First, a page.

Brexit fears dismantled as Pfizer insists ‘no disruption’ expected to Covid jab roll-out

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The looming end of the Brexit transition period sparked concerns the arrival of the long-awaited coronavirus vaccine could be disrupted if no deal is struck with the European Union soon. But Pfizer, half the brain behind the vaccine alongside German pharmaceutical giant BioNTech, insisted the roll-out is expected to proceed without issues regardless of border concerns. BBC correspondent Nick Beake said: “A huge operation is underway to get the vaccine, in the first instance, to the United Kingdom.

“We were told a little about how they’re transporting it, basically they’ve got these thermo-boxes which keep the vaccine at very low temperatures, about -70C. And in each box, they’ve got between 1,000 and 5,000 doses of the vaccine.

“They’ve got real-time tracking so they can make sure the temperature doesn’t get too hot while the vaccine is on its way to the UK.

“Interestingly, as we’ve been hearing, most people know by now, at the end of this month Britain leaves the Brexit transition period, in other words it leaves the EU rules and I asked the company behind the vaccine whether they’re worried about disruption at the border.

“They say they’re confident they’ll keep getting the vaccine to the United Kingdom. They’ll be moving it either by lorry or by plane, which certainly is a huge operation.”

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Mr Beake added: ‘They say they can achieve it and it will be with people in the UK very soon, 800,000 doses in the first instance ready to be rolled out.”

Health Secretary Matt Hancock welcomed news of the approval of the vaccine as he claimed the UK had succeeded in securing the jab thanks to Brexit.

But the suggestion sparked a furious reaction from across the European Union because of the international team that helped discover and test the vaccine.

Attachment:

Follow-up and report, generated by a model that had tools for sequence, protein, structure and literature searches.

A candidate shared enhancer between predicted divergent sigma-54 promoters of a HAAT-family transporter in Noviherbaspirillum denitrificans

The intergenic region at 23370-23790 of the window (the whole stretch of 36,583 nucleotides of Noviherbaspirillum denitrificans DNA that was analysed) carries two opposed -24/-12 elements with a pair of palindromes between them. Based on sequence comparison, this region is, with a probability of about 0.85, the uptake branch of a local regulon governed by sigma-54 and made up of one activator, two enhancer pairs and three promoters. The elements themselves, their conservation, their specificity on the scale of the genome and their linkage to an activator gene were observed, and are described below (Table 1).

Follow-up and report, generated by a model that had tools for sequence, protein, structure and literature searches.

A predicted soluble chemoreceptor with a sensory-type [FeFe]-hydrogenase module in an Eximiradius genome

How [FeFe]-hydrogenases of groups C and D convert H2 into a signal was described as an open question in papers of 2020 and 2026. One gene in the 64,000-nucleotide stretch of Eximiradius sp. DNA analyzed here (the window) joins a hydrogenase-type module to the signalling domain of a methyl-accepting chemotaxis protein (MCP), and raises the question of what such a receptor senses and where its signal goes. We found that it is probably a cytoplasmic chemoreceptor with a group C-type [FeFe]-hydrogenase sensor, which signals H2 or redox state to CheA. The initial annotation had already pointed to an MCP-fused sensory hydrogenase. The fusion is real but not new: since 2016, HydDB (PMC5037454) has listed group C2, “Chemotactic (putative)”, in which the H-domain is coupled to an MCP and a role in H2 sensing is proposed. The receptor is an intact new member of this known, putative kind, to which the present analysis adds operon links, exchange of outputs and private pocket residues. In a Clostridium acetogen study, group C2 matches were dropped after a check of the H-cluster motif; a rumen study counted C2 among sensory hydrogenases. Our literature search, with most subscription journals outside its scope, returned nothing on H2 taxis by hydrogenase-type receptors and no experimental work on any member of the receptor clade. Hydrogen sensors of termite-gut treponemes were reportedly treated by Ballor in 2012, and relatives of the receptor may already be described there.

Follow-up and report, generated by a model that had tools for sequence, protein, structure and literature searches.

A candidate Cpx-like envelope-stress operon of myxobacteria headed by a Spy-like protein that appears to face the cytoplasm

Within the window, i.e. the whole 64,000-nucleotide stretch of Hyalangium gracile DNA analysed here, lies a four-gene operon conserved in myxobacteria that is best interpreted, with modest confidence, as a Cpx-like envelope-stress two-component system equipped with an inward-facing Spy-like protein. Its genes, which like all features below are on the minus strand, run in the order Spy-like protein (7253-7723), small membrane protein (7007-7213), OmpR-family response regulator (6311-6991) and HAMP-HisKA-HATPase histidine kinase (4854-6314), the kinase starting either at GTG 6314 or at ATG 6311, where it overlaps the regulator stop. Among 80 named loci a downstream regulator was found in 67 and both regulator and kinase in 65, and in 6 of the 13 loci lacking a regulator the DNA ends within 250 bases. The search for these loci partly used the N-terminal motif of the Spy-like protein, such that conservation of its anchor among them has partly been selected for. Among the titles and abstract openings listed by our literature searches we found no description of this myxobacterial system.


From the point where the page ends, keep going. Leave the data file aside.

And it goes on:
While the jab is currently being packaged in Belgium, Turkish-German researchers Dr Ugur Sahin and Dr Ozlem Tureci developed the jab with the support of Pfizer, an American multinational corporation.

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Dr June Raine, the head of the Medicines and Healthcare products Regulatory Authority (MHRA) which authorised the vaccine this week, also warned the vaccine was approved thanks to European regulation.

Dr Raine said: “We have been able to authorise the supply of this vaccine using provisions under European law, which exist until 1 January.”

But despite the criticism, the UK has also received praise for becoming the first country in the world to authorise the use of a tested COVID-19 jab since the beginning of the pandemic.

Russia and China both announced earlier in the year they had also developed a jab to combat the deadly virus but the lack of scientific evidence of their efficacy left the international scientific community doubting the safety of the vaccine.

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The British Government confirmed 40 million doses of the Pfizer vaccine have already been pre-booked, though most of these will only arrive next year.

The first round of vaccinations will cover NHS staff and care workers as well as the elderly and most vulnerable members of society.

Prime Minister Boris Johnson welcomed the MHRA decision to approve the vaccine but warned protective measures will still be needed for some time.

He tweeted: “The approval of a vaccine is a huge step towards normality, but the rules in your area have not changed.

“Please keep following the restrictions to protect those around you.”

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